It was a time for quiet contemplation and to give thanks for a man who remains my hero and guiding light. Twenty-two years have passed since he left us so the memories are now largely happy ones, less painful each year since. But, of course, I will always miss him greatly.
Not so long ago his birthday was a time for sad reflection, but then those first few anniversaries after losing those who were once so close are always difficult, always a sharp reminder of the empty seat at the table.
Which is why this week my heart broke a little to see the Queen accept a rose created in honour of what would have been her beloved husband’s 100th birthday, and why I am so angry at the ridiculous and pathetic antics of a bunch of privileged students at Oxford University who have decided Her Majesty is no longer relevant.
Or somehow responsible for all the wrongdoings of the past. Not only that but her grandson chooses, rather than concentrating on building bridges, to threaten legal action against the BBC over whether she did or didn’t approve the choice of her childhood name of Lilibet for their new baby daughter, supposedly in her honour.
What has the poor woman done to deserve such unwarranted attention? Absolutely nothing. She has done everything to earn our total respect, which she has the world over. Apart from the world of “woke”.
I actually detest the word “woke”. It derives from the word awake or awakening... which is exactly what I want to tell these clever clogs students at Magdalen College in Oxford to do. Wake up and get your facts straight.
And if you want to develop a conscience for others less fortunate there are more important battles to fight than whether a picture of the Queen graces your common room, a common room which is far from accessible to ordinary folks.
Oxford University as a whole may be working hard to redress the balance, but even last year’s figures showed less than five per cent of its intake came from Yorkshire and the Humber, which after this week’s antics may simply show that Yorkshire folk have more sense.
Of course, it is totally acceptable to vote to redecorate your posh communal areas, especially if according to the notes for freshers in 2020 the most exciting thing to say about the “middle common room” is the fact it has an espresso coffee machine and a biscuit tin. Oh and don’t forget to bring your tuxedo and white tie for formal occasions. A “must have” in any working class wardrobe.
But here are a few facts the students led by American and Stanford graduate Matthew Katzman, whose education is estimated to have cost his wealthy parents more than £500,000 so far, perhaps should have considered before taking their principled stand to remove the portrait of the Queen, who, by the way, was given an honorary degree from the college when she was Princess Elizabeth in 1948.
Firstly they should learn the difference between “colonial history” which the Queen is accused of representing but actually has nothing to do with, and the Commonwealth, which she presides over.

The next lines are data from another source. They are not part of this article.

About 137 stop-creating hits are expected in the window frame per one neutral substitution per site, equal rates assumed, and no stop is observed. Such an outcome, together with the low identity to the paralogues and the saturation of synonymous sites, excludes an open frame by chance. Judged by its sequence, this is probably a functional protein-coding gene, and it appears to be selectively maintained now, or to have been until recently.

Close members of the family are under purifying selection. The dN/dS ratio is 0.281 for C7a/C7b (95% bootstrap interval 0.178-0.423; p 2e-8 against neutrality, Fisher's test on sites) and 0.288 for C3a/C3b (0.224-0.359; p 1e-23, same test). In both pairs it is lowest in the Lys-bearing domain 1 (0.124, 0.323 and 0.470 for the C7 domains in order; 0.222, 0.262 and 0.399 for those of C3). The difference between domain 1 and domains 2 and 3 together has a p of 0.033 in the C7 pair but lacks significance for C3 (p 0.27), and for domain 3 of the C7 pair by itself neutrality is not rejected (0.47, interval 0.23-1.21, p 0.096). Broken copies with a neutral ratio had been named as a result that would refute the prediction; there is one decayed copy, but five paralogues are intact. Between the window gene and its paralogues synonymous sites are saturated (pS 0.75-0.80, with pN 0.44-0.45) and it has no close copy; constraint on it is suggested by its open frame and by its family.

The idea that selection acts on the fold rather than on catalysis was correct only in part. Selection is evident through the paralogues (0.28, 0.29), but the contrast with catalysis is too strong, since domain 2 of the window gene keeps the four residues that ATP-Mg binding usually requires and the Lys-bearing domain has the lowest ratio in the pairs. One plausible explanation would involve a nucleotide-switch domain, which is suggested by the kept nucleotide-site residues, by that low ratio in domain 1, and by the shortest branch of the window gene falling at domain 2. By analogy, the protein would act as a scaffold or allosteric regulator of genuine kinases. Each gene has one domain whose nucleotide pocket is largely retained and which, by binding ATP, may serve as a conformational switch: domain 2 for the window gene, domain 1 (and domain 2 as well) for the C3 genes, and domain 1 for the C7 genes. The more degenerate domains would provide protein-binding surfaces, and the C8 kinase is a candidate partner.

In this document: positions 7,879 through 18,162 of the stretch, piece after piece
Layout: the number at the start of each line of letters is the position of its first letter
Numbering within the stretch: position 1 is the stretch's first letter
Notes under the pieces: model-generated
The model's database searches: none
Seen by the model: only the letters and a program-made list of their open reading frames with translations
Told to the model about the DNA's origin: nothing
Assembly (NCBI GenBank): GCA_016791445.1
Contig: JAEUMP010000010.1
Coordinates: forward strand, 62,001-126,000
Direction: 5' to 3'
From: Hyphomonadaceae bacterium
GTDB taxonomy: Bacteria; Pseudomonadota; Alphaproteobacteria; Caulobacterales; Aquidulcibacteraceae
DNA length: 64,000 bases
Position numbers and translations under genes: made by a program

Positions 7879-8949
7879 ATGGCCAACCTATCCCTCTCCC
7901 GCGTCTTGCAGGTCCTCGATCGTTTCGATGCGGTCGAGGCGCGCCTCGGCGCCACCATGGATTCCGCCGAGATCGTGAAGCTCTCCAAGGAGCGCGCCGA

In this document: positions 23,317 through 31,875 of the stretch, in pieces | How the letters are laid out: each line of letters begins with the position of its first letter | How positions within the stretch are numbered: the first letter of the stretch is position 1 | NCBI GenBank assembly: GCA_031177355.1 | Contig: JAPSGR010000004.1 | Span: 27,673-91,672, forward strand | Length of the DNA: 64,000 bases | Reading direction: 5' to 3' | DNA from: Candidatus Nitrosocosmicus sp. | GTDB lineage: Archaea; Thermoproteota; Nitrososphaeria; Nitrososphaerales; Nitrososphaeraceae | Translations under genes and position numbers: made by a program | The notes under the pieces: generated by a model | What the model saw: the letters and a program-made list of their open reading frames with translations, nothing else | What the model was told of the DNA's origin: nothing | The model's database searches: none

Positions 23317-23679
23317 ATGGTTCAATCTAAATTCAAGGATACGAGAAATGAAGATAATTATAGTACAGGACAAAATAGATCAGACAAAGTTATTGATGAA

Colonialism, the practice of taking over control of another country for economic exploitation, should of course never be celebrated. However, the Commonwealth has nothing to do with colonialism. All 54 members are independent states united by a common allegiance to the Crown. It’s their decision.
Indeed the Commonwealth under our Queen has become an alliance which exists entirely to foster international co-operation and trade links.
This week Dinah Rose, president of Magdalen College, defended the rights of the students and their petty little decision. “Being a student is more than just studying,” she said. “It is about exploring and debating ideas. It’s sometimes about provoking the older generation”.
Well, bully for them. Consider this member of the older generation provoked, not because debate is unimportant but because this particular debate achieves nothing at all. Just as lecturers threatening to effectively go on strike at nearby Oriel College over its refusal to remove a statue of imperialist Cecil Rhodes achieves nothing either.
Are we suggesting we consign all of history to the metaphorical cupboards under the stairs lest it offends? There it would be out of sight and out of mind rather than the subject of constructive debate as to how lessons from the past should influence our actions both as individuals and as a nation in the future.
But then that is exactly what Hitler and Stalin did when they banished books and learning. Or Pol Pot did in Cambodia when he announced Year Zero was the day the nation began again. History was wiped out. As were two million people.
Life, dear students, is about learning that it isn’t always about the young. That respect for those who are older is also a valuable lesson. Which is why my sympathies lie with an elderly lady who this week has been tending a simple pink rose named after a husband who is no longer there to stand by her side.
By contrast, the removal of her portrait by a bunch of know-it all students does not remove her rightful place in history as a woman who has served her country and many others all her life. And will continue to do so. That, dear students, is called a lesson in humility.